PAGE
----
RGM INTRODUCING – WE INTERVIEW LONDON ARTIST BAYLEY
Hiya folks thanks for joining us in the virtual RGM lounge today, grab a brew and take a seat.
What made you decide that doing music is for you?
It’s always been a present and enamouring topic in my life. Whether that be family members who are in the industry telling stories about people they’ve worked with or just the fact I always had some sort of musical obsession, whether that was learning guitar when I was 9, downloading DJ software at 10 or deciding to learn how to produce when I was 12. I was always drawn to it in some form.
Introduce us to you and your musical history.
I’m BAYLEY, a British rapper, producer, singer, writer etc. I started releasing music in 2019 after years of secretly writing songs and now we are on to my third body of work “The SunTapes Vol. 2”
We set up RGM USA and many other countries in the world to share music with America and the UK, good idea?
Being an independent artist, I really appreciate the ability to reach out and engage with a reputable platform.
Did you buy anything you don’t need in the pandemic?
A pull-up bar, I definitely do not use that anymore, although it gave me something to do for a minute I guess…
What useless party trick do you have?
I can rotate my elbow without moving my hand
What was the most fun you have had on stage?
I actually did my first performance recently at Valefest in Birmingham. I think the best part of it was seeing people, who hadn’t yet heard my music, start gravitating towards my set as it went on. Gave me real-time feedback that people want to hear what I make.
What was the worst experience on stage?
My friends were running late and my set had been going on for about 10 minutes with a decent-sized crowd, but just as they rocked up the crowd started to disperse a little. Very awkward but just had to keep going.
Tell us something about you that you think people would be surprised about.
I know zero music theory, I just figure everything out by ear.
How would you describe your music to an alien if you had to describe it?
Chill and moody.
What makes you stand out as an artist?
I think I combine a lot of sounds and styles in a way that is familiar but new and interesting. I listen to a lot of R&B, Alt-Pop, and Rap, and I think together you get the mix of groovy instrumentals, sticky choruses, complex flows, and lyrical perspectives.
Right now, what’s pissing you off the most?
I’ve just landed in LA and I forgot my plug adapter. Can’t exactly get my recording set up right and I have ideas I want to finish.
What’s your favourite song to play live and why?
DreamEasy because it’s such a unique but universal vibe and the rapping in it is one of my tightest performances.
I hear you have new music, what can you tell us about it?
I just released my new album The SunTapes Vol. 2 a sequel to my project from last year. The album follows a day and night cycle so you transition from bright, upbeat songs to slow and melancholic vibes. All in all, it just serves as a series of diary entries from different moods and moments.
Talk me through the thought process of the album.
I like to keep some loose concepts for my projects because it gives me direction when recording and curating the tracklists. Having a day and night cycle gives me the parameters of, Okay, I need roughly half bright and half dark songs. I made this a sequel to the last project because it kind of scratches the same itch but with more refinement. Some of the songs from the last project that might not have hit that hard because of the singing or the delivery are now replaced with polished tracks that are more engaging and more likeable.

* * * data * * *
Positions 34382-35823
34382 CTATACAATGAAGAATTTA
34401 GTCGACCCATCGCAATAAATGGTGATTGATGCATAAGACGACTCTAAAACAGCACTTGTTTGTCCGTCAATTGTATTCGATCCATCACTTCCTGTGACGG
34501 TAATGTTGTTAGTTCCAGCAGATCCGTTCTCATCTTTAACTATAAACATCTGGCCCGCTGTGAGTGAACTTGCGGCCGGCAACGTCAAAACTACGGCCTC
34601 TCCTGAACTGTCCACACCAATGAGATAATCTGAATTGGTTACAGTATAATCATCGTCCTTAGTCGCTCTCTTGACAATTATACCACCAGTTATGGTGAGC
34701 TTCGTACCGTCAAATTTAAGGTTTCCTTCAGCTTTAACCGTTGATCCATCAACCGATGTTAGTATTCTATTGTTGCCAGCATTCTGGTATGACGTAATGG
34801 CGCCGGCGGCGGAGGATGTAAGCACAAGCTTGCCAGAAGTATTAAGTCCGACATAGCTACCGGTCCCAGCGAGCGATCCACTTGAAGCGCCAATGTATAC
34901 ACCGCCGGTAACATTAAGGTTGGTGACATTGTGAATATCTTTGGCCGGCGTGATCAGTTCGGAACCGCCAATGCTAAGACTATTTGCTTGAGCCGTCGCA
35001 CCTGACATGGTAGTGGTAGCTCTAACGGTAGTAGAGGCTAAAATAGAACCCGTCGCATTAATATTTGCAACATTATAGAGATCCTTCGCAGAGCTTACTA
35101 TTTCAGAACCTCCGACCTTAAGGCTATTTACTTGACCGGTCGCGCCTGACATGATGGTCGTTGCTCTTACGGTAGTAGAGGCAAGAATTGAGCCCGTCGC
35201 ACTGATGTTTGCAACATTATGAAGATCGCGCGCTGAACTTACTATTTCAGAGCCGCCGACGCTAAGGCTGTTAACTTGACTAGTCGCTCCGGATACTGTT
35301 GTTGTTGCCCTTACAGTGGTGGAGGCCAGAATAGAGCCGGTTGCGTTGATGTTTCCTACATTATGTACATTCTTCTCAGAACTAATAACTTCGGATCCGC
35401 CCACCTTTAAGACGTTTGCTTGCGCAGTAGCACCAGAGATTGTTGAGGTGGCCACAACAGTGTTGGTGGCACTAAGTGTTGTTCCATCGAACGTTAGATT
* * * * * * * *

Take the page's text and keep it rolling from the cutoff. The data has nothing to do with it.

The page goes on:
What was the recording process like?
It was very long – longer than I would’ve liked. I started recording this album pretty much the day the last one came out. The warm reception of the last one was so rewarding because it felt like I was no longer talking to a brick wall. That feeling spurred me on to just record and record. After about 6 months of recording, I cut down about 40 songs down to 10 and then I recorded two more that were better than one of them so that ended up with 11. I then just meticulously listened over and over and found new beat cuts, new transition techniques and just things that would just glue each song together and make the experience feel truly finished. At a certain point, I just had to let go of it and set a release date.
What was the biggest learning curve in writing the album?
That just because the first draft of the song isn’t great doesn’t mean it can’t be reworked or rewritten to be amazing. I hate revisiting songs. If I don’t like it after the first recording session it usually doesn’t see the light of day. I need to work on that.
Would you change anything now it’s finished?
There are a couple of verses I would probably rewrite in some way but I think you can always find issues in stuff like this. I put every feeling into each song and that personal attachment means I can’t ever be completely happy with it.
What are your plans for the year ahead?
I’m already a good chunk of the way through the next project with newer vibes and genres being mixed so we shall see!
Is there anything else you would like to share with the world?
I’m looking to collaborate! Whether that’s writing, producing, or featuring, hit me up!